Catalog of the ESOHP Collection, 1976-84
A listing of the oral history projects completed by COH (formerly ESOHP) from 1976 to 1984. June 1984, 89 pages, 1 volume.
Catalog of Oral History Collections in Hawai`i
A listing of 102 public and private oral history collections statewide. June 1982, 1075 pages, 1 volume.
Hanahana: An Oral History Anthology of Hawai`is Working People
A collection of life narratives based on twelve of COHs oral history interviews. Featured are a plantation store employee, taro and rice farmer, airplane mechanic, boat builder, innkeeper, pineapple trimmer, storekeeper, homemaker, and sugar plantation workers. Published by COH and distributed by the University of Hawai`i Press. November 1984, 178 pages, photographs.
How to Do Oral History
Step-by-step explanation of the oral history process, including interview preparation, recording, processing and preservation. Designed for organizations and individuals doing historical or genealogical research. Booklet: third edition, revised, 52 pages. Slide/tape on video: Beta, VHS, and 3/4 videotape, 13 minutes.
To order How to Do Oral History, send a check for US$6.00 (shipping included) made out to Research Corporation of the University of Hawai`i, care of the Center for Oral History, 2560 Campus Road, George Hall 212, Honolulu, Hawai`i 96822. For orders outside of the United States, please add US$1.00.
Master Index to the ESOHP Interviews, 1976-83
A standardized subject-heading index for nine COH (formerly ESOHP) projects. June 1984, 113 pages, 1 volume.
Oral History Recorder
The Oral History Recorder, newsletter of the Center for Oral History, is posted to the COH website in the Spring and Fall. It provides information on the activities of COH and others doing oral history research in Hawai`i.
Talking Hawai‘i’s Story: Oral Histories of an Island People
Talking Hawai‘i’s Story is the first major book in over a generation to present a rich sampling of the landmark work of the Center for Oral History. Twenty-nine extensive oral histories introduce readers to the sights and sounds of territorial Waikiki, to the feeling of community in Palama, in Kona, or on the island of Lana‘i, and even to the experience of a German national interned by the military government after Pearl Harbor. The result is a collection that preserves Hawai‘i’s social and cultural history through the narratives of the people who lived it—co-workers, neighbors, family members and friends. Published by the University of Hawai‘i Press for the UH Center for Oral History and Center for Biographical Research. May 2009, 328 pages, photographs.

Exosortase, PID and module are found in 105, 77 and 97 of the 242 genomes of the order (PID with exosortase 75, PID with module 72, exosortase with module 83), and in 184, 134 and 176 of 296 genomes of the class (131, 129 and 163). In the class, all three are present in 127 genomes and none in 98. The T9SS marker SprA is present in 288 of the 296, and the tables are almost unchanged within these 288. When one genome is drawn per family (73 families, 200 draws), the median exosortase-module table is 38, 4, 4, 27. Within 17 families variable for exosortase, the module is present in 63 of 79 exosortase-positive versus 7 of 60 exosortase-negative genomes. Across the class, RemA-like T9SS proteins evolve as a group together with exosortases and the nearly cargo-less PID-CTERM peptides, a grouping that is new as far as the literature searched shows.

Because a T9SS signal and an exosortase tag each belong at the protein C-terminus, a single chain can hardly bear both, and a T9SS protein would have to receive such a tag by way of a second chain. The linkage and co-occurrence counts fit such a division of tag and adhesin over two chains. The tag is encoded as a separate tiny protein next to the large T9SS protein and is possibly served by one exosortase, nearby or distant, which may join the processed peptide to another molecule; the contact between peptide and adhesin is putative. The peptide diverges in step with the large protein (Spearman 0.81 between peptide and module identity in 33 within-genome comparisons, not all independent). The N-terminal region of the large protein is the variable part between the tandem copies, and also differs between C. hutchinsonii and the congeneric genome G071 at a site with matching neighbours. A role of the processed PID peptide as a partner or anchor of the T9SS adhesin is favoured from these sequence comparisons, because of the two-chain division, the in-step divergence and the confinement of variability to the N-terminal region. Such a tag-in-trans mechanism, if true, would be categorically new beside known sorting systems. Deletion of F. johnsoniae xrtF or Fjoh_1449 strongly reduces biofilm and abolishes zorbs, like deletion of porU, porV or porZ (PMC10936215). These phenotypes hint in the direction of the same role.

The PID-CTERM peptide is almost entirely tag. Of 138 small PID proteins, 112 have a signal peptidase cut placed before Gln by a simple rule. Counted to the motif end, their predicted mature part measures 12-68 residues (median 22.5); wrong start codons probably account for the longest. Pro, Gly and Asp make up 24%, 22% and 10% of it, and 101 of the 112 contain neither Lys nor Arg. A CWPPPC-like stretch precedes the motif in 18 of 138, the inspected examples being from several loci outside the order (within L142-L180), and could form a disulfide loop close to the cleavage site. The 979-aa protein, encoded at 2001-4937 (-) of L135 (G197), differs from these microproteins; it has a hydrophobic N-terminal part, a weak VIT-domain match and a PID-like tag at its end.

Uchinanchu: A History of Okinawans in Hawai‘i
Uchinanchu is the term used by Okinawan immigrants and their descendants in Hawai‘i to identify themselves as an ethnic group distinct from the Naichi of mainland Japan. Though Japanese, linguistic and cultural differences as well as their late arrival in the islands made the Uchinanchu targets of Naichi prejudice in the past. Pressure from without and determination from within the group caused Hawai‘i’s Uchinanchu to pull together with pride in the face of adversity. In this book, eighty- and ninety-year-old issei, first-generation immigrants, describe through interviews what it was like to pull up roots in their homeland and make new lives in the islands. The story of the gradual development and progress of the Okinawan community is unfolded through articles on labor, religion, culture, business, agriculture, government, son (village) clubs, and community-wide organizations. Published by the UH Center for Oral History and Hawai‘i United Okinawa Association. Distributed by UH Press. Third printing: September 2009, 664 pages, photographs.
Youll find COH catalogs, indexes, books, booklets, and newsletters at Hawai`i State Regional Libraries, University of Hawai`i system libraries, Hawai`i State Archives, and at COH. In-print books are also available at the UH Press, UH Bookstore and other large bookstores.